Abigail Gruppuso ’16

The lunch table in Usdan is where my friends and I split into two camps and argue whether Cherry Berry or Froyo World is better. It’s where Mike and I exchange stories about our study abroad experiences in Nepal and Beijing. It’s where I was urged to Feel the Bern and taught how to eliminate food waste. At the table by the window, Sarah tells me about her research to find a chemical solution to antibiotic inhibitors. And Wolfi and I blabber about our ridiculous idea to start a popup restaurant on campus. Our laughs echo through the dining hall when Lainey and Sam simultaneously yell “Anotha one!” because DJ Kahled is so engrained in their vocabularies. We know everyone is staring at us when we sing Justin Timberlake at the top of our lungs but we don’t care. The long rectangle table is where we support each other in times of crisis—where we tell one another they’re gorgeous and too amazing for that guy, it’s okay to get a bad grade once in a while and your mental health is more important than sticking with pre-med.

73 Seniors Inducted into Phi Beta Kappa Society

Members of the Class of 2016 were inducted into Phi Beta Kappa, a national academic honor society, in the Memorial Chapel on May 21. Jim Citrin P'12 P'14 was the featured speaker for the ceremony. (Photo by Tom Dzimian)

Members of the Class of 2016 were inducted into Phi Beta Kappa, a national academic honor society, in the Memorial Chapel on May 21. Jim Citrin P’12 P’14 was the featured speaker for the ceremony. (Photos by Tom Dzimian)

Members of the Class of 2016 were inducted into the Phi Beta Kappa Society, the oldest national scholastic honor society, in a ceremony May 21 at Memorial Chapel.

Members of the Class of 2016 were inducted into Phi Beta Kappa, a national academic honor society, in the Memorial Chapel on May 21. Jim Citrin P'12 P'14 was the featured speaker for the ceremony. (Photo by Tom Dzimian)

Wesleyan President Michael Roth welcomes the new members of Phi Beta Kappa.

The Wesleyan Gamma Chapter of Phi Beta Kappa was organized in 1845 and is the ninth-oldest chapter in the country. Membership is conferred for high scholastic achievement. Fall election eligibility is based on a student’s grades at the end of junior year; spring election is based on four-year achievement.

Seventy-three students were inducted at the ceremony. They join fifteen other seniors inducted in December 2015.

PHI BETA KAPPA SPRING 2016

Holt Akers-Campbell
Elizabeth Marie Alexion
Hannah Monica Ang Ang
Leah Ruth Bakely
Maya Sarah Berkman
Stephanie Rose Blumenstock
Rebecca E. Brill
Kristin Ione Bumsch
Christopher O’Neal Caines
Matthew Werner Chilton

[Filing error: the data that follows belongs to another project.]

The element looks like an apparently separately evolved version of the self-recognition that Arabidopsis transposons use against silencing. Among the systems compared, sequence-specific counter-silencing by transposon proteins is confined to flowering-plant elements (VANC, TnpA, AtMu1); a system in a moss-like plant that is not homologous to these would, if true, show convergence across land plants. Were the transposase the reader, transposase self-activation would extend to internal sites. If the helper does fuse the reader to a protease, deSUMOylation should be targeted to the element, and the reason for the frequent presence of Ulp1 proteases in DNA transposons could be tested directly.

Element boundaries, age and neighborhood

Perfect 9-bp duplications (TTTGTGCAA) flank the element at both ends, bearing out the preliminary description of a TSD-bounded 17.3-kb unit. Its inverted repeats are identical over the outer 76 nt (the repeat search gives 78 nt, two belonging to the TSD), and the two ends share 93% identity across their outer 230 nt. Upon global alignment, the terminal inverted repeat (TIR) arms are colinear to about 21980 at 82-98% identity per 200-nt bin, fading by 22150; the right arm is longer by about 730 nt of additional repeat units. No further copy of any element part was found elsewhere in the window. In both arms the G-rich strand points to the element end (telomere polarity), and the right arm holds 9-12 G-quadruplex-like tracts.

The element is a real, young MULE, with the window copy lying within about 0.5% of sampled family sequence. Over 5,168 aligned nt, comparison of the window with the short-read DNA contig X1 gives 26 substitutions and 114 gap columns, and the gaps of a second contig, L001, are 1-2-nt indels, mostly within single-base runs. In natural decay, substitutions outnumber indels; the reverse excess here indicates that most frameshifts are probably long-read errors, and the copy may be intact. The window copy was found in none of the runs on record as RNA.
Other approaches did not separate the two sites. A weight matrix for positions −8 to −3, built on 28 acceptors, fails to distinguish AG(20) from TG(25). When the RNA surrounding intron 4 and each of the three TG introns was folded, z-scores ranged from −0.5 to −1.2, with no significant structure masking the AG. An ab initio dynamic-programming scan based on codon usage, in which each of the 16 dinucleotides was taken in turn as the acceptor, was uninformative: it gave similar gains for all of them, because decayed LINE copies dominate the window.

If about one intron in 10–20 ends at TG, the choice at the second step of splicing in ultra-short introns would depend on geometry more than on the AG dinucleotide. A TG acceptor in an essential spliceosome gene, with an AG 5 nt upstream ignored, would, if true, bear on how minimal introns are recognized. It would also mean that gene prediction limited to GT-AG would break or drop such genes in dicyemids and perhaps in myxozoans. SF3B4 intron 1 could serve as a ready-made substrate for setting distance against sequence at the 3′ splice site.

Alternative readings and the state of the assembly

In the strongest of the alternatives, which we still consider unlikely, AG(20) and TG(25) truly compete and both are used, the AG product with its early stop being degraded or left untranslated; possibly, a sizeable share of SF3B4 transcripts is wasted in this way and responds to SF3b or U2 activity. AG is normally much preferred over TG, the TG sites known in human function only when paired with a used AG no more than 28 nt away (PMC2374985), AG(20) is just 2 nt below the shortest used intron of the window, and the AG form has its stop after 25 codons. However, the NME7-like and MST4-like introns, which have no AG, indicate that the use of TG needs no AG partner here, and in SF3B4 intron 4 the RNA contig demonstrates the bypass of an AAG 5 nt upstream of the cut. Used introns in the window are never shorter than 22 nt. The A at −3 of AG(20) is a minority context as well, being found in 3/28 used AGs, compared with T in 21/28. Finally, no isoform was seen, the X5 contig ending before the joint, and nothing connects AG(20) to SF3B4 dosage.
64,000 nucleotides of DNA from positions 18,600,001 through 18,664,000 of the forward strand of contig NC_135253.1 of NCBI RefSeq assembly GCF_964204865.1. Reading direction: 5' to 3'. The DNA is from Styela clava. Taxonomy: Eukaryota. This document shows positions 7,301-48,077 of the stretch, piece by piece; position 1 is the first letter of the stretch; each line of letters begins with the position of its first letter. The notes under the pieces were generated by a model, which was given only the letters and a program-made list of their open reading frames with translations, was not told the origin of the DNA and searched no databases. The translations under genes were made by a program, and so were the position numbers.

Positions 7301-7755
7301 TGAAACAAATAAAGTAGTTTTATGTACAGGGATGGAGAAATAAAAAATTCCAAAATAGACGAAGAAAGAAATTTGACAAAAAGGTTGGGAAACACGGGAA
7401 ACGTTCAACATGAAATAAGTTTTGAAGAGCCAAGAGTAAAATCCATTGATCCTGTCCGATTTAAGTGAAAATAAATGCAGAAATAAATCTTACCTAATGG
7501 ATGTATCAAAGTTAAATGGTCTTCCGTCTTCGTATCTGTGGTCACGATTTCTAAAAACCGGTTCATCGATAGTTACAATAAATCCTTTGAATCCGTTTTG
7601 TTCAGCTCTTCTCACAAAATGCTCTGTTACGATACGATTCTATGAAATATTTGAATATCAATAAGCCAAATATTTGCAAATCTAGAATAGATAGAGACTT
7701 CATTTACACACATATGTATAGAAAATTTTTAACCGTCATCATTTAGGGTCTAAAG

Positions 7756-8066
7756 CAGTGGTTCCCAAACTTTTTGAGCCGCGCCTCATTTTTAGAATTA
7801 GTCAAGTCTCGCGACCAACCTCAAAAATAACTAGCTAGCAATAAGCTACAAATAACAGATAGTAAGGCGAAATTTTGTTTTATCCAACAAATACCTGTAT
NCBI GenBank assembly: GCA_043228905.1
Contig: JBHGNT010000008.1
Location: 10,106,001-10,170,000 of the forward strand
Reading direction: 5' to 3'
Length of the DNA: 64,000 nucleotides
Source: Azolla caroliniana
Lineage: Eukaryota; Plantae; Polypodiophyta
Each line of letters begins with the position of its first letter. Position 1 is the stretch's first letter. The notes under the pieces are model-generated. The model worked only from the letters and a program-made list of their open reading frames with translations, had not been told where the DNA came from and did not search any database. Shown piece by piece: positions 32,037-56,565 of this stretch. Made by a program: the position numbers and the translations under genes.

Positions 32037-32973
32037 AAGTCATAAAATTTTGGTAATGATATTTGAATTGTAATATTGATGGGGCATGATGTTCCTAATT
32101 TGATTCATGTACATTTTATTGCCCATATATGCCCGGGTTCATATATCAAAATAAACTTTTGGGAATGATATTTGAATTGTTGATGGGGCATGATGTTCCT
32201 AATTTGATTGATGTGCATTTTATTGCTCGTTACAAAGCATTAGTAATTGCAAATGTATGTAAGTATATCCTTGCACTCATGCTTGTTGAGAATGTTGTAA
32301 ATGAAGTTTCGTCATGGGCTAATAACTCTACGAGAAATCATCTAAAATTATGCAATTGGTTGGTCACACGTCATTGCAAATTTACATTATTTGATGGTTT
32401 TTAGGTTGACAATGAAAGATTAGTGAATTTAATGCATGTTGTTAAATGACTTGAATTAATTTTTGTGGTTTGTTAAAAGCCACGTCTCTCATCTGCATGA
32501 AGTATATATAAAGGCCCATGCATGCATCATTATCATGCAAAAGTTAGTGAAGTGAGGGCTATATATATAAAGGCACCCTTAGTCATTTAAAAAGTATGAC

Wesleyan Commencement Weather Information

Wesleyan’s Commencement ceremony will take place outside on Andrus Field, as planned. Our best advice is to come prepared for cool, wet weather conditions, and bring along an umbrella. Please keep in mind the field may be wet and muddy.

A reminder that rain or shine the Commencement ceremony will be simulcast in the Memorial Chapel, Patricelli ’92 Theater, Ring Family Performing Arts Hall and Tishler Lecture Hall (150 Exley Science Center). The ceremony will also be available to view on the website wescast.wesleyan.edu.

For additional information about Commencement, please see the Reunion & Commencement website.

Wesleyan’s T.R.A.P. House Business Incubator Working in Hartford’s North End

Members of team behind TRAP House, one of the three social ventures that won a seed grant, presented their pitch before a live audience of the Board of Trustees, Patricelli Center Advisory Board and others.

Members of team behind T.R.A.P. House, one of the three social ventures that won a seed grant, presented their pitch before a live audience of the Board of Trustees, Patricelli Center Advisory Board and others.

The Hartford Courant has featured the work of T.R.A.P House, a nonprofit business incubator that targets high-crime, high-poverty areas and has recently started working in the north end of Hartford. T.R.A.P. House is the creation of a team from Wesleyan: Irvine Peck’s-Agaya ’18, Gabe Weinreb ’18, Sara Eismont ’18, and Bashaun Brown, a former student in Wesleyan’s Center for Prison Education, where he earned 16 credits while serving six years at the Cheshire Correctional Institution for bank robbery.

Brown will be a member of Wesleyan’s Class of 2018, starting in the fall.

T.R.A.P. stands for “transforming, reinventing and prospering,” and is a play on the street slang for a place to buy and sell drugs. According to the Courant:

The acronym doubles as the organization’s mission statement. Brown wants to set up shop in the North End and recruit drug dealers, providing them an outlet to “pivot their skills to the legal economy” through college-level entrepreneurship classes.

He has already started to make his rounds, visiting halfway houses and touring neighborhoods, spreading word of what he’s doing.

“There are no headhunters looking at these people, no one’s looking to hire them,” Brown said. “But I believe you have the same type of people in these neighborhoods that have the same business acumen that you might find at Harvard or Yale. They’re just using it for the wrong reasons.”